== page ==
- Weighed several times in three-hour training sessions.
- Told to eat low-carb diets.
- Needed medical care after suffering panic attacks because of the intense pressure.
- Ordered to keep food diaries and present them to trainers on a weekly basis.
Now their parents are calling for governing body British Gymnastics to crack down and make sure all coaches abide by a strict code of conduct.
Amber’s mum Cherry-Ann, from Garsington, Oxfordshire, said: “Gymnastics is meant to be fun.
“In fact the sport was destroying their mental and physical health because of the way in which the coaches approached the sport as though it was life and death.”
Rhiannon, now 18, from Milton Keynes, was enrolled in a gymnastics class aged four. When she was 14, she was ready to compete at an international level.
But as training became more intense the pressure mounted. She said: “I was told I was getting too heavy. If I had even put on a kilo I was told I was too fat to do a tumble.”
At under 9st she was a healthy weight but comments about her size were relentless. Rhiannon said: “It made me feel scared and I got into quite a state one session. I believed what I was being told about my weight because the person was in a professional position. I started crying. I said, ‘I don’t know how you expect me to do this in a healthy way’. Comments about my weight made me feel I should restrict my calorie intake.”
Rhiannon put herself on a 600-calorie-a-day diet – the recommended daily intake is 2,000 calories for women.
At 18 Rhiannon was about 6½st, which is seriously underweight, and could barely walk.
She said: “If I walked more than 10 steps, my legs would seize up. There were about four times I was hospitalised because I fainted and blacked out.”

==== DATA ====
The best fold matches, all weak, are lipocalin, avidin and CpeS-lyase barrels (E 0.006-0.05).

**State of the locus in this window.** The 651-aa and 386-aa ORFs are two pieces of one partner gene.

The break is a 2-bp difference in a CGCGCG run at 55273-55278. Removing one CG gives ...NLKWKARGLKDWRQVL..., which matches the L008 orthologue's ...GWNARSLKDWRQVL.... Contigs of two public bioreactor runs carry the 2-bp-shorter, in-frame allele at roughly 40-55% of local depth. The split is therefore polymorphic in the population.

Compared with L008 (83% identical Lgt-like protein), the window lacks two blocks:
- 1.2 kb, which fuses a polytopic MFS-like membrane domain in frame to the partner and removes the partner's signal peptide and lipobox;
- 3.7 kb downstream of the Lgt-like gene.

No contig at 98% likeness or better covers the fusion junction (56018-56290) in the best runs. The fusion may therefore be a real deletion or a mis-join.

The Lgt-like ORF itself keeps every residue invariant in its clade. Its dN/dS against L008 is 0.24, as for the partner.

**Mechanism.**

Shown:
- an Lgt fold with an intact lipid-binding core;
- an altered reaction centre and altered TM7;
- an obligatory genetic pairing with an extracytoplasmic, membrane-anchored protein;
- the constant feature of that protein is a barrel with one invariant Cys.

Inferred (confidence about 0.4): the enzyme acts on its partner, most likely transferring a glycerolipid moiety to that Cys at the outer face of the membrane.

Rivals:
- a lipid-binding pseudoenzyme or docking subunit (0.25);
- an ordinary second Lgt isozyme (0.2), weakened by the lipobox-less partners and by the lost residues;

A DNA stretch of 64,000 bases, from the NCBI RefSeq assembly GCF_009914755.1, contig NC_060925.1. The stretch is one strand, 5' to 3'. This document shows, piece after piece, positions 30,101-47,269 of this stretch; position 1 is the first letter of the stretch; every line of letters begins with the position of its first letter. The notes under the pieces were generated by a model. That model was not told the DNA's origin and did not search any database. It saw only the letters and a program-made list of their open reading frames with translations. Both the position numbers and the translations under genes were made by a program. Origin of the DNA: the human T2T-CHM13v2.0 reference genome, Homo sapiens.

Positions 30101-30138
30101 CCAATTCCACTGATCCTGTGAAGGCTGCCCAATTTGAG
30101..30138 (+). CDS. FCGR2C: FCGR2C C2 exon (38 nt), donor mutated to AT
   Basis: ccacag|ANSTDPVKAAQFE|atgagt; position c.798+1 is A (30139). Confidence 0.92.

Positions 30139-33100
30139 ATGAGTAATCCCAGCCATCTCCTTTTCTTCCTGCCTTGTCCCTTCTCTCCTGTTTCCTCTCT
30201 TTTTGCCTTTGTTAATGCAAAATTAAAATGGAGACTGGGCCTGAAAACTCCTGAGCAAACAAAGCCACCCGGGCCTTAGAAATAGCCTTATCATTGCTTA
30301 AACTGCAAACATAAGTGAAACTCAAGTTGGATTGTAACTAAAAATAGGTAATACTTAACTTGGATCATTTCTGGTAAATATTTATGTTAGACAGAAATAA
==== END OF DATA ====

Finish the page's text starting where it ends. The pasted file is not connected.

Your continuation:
Her parents Yvette and Paul realised something was seriously wrong and she was referred to Cotswold House, an NHS-run eating disorder rehab centre in Headington, Oxon. She had to be put on a drip several times.
In July Rhiannon was discharged after recovering, with her weight returning to a healthy level. She is now happy and positive about the future.
Amber’s mum Cherry-Ann knew something was wrong when her daughter, who had been a healthy 9st, started suffering night terrors and sleep- walking. Amber, then aged 13, who represented Great Britain three times, said she had been harangued about her weight at training.
Cherry-Ann claimed: “She was continually told, ‘The reason you cannot do certain elements of gymnastics is because you’re too heavy’. She was devastated and would cry all the way home after every training session.” After Cherry-Ann withdrew her from the sport Amber was very down and her weight dropped. She then began to binge-eat, gaining more than two stone.
She recovered after Cherry-Ann confronted her about the issues and is now a healthy 10st for her height of 5ft 8ins.
The girls’ parents complained to British Gymnastics but felt their concerns were not thoroughly investigated.
Cherry-Ann says: “Amber has recently opened her own art exhibition depicting curvy women. It’s been cathartic and instrumental in her recovery. It’s a huge relief that something good has come from something so awful.”
Dr Pippa Bennett, chief medical officer for British Gymnastics, said: “Gymnastics has been identified as a potential high risk sport for eating disorders and we have liaised closely with specialist centres in Loughborough and Swansea to provide support to our gymnasts. If an issue is raised our welfare and medical departments can be contacted for advice.”
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